Pittsburgh firefighter’s sacrifice in 2004 built bond in Hill District
As Stephanie Stefanakis stood in the front row, leaning on family and wiping away tears, many in Ebenezer Missionary Baptist Church on Sunday stopped to comfort her, shake hands or hug as they passed.
The Hill District church and Pittsburgh’s firefighting community remain linked 10 years since Stefanakis’ husband, Richard, and Battalion Chief Charles Brace died fighting the fire that destroyed the church’s former building. The church had a special memorial with nearly 300 in the crowd, including Mayor Bill Peduto, other city leaders and 16 uniformed firefighters.
Stephanie Stefanakis, trembling as she spoke at the service on the site where her husband died on March 13, 2004, said it’s been a difficult 10 years. Her only son died in a shooting the next year, and she’s haunted by the fact that her husband died fighting a fire even after the building was beyond repair. Sunday’s service was important to heal some of that grief, she said.
“It helps that people still care, that I know people still care, because I’m by myself,” she said. “It is wonderful. It’s uplifting.”
The fire caused the church’s bell tower to collapse, trapping many firefighters in the rubble. That killed the two men and injured 30 other firefighters. The Ebenezer congregation rebuilt, opening the new church in 2006 with a special memorial on the ground floor, including the victims’ boots, helmets and other equipment.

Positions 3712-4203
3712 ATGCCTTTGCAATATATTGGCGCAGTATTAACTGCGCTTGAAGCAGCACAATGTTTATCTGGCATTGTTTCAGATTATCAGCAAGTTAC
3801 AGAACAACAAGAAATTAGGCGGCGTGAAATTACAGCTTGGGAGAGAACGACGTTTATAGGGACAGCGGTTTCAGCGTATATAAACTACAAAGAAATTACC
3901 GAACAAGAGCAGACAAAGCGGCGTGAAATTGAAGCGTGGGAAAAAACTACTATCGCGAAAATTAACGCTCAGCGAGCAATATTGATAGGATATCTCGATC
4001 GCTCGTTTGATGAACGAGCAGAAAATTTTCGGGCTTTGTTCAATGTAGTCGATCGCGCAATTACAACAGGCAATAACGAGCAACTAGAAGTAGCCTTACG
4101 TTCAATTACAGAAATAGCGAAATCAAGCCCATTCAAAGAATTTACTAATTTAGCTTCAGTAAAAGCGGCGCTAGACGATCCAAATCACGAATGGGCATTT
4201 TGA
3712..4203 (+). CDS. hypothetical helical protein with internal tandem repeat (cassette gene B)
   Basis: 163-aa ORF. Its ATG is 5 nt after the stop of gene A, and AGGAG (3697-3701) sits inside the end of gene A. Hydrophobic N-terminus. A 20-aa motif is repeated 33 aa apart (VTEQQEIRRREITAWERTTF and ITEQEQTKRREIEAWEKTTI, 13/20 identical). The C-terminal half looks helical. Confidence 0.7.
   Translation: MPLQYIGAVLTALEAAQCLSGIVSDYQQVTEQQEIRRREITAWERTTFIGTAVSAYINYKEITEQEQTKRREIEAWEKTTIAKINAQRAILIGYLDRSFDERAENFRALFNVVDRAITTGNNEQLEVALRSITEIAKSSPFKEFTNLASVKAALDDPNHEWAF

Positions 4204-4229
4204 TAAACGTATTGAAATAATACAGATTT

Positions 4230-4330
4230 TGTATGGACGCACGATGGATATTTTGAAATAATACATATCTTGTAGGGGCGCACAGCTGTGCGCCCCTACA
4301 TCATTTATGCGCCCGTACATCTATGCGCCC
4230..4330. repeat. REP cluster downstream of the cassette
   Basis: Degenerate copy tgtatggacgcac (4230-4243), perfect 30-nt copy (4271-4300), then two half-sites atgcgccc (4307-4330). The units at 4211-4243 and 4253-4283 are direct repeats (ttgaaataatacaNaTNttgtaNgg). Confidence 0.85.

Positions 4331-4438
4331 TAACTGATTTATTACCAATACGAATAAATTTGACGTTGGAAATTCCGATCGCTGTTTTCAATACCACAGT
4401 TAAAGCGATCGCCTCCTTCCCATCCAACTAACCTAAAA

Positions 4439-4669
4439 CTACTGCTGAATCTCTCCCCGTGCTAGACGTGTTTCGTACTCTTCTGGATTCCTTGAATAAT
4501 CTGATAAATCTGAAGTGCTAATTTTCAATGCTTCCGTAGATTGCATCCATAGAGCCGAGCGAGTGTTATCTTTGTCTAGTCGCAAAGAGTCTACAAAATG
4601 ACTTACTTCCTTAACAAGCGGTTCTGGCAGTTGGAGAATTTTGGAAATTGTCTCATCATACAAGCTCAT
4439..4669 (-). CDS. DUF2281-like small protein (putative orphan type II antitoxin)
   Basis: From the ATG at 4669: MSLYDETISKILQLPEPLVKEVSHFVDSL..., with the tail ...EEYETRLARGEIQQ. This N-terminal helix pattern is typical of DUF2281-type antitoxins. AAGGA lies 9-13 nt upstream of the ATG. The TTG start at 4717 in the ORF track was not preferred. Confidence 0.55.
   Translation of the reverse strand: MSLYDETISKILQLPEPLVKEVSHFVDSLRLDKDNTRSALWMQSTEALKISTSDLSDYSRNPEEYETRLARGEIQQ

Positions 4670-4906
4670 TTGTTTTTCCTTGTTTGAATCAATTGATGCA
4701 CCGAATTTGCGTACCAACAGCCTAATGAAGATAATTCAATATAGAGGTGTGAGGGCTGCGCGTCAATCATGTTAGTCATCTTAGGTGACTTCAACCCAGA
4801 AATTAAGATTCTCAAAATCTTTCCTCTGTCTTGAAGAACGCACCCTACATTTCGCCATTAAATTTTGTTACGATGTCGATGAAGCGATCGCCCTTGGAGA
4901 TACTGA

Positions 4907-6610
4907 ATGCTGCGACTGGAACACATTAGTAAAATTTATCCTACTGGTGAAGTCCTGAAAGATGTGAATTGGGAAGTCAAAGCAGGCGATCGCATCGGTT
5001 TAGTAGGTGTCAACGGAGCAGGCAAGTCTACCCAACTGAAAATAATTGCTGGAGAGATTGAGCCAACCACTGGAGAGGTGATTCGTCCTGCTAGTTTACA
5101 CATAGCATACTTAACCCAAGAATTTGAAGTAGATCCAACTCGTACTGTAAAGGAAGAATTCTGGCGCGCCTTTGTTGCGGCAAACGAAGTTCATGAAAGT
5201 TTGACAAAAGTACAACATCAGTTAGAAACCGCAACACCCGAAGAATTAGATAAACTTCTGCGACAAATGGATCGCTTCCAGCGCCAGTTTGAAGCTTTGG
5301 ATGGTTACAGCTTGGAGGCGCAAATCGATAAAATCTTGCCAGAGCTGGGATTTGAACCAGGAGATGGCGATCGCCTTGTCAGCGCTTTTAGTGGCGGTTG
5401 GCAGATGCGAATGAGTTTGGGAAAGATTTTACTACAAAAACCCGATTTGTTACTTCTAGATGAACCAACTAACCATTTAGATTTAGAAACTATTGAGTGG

Although the event left scars, it built a bond between the church and the city’s firefighters, Peduto told the crowd in impromptu remarks. Relationships between government and community groups like that are essential to improving the city, he said.
“Firefighters stand up for one another, not just on the job, but all the time. And that’s a lot like Ebenezer,” he said. “It’s beautiful to be here today to see two institutions come together.”
A seven-person color guard started the service, the first holding an axe and the last a sword, with five flag bearers in between. Two bagpipers marched through later, and Stefanakis and Valerie Mion, representing the Brace family, lit candles in the front of the church. Firefighter Inenell Leonard, a 35-year veteran who helped battle the 2004 fire, sang “Amazing Grace.”
“It puts a lump in your throat. Your mind flashes back to every moment,” Leonard said, adding that it’s difficult for him even to drive past the church. “I’m glad things have grown the way they have, that we’re together, and we can move on.”
The Rev. Vincent K. Campbell asked parishioners to make sacrifices for others as firefighters did for the church. That kind of self-denial is an essential part of the biblical message about serving others, he said.
“Every natural inclination of the heart, everything they know and feel had to be denied for them to go into a burning building,” he said. “This is the type of denial Jesus is talking about.”
Timothy Puko is a Trib Total Media staff writer. Reach him at 412-320-7991 or firstname.lastname@example.org.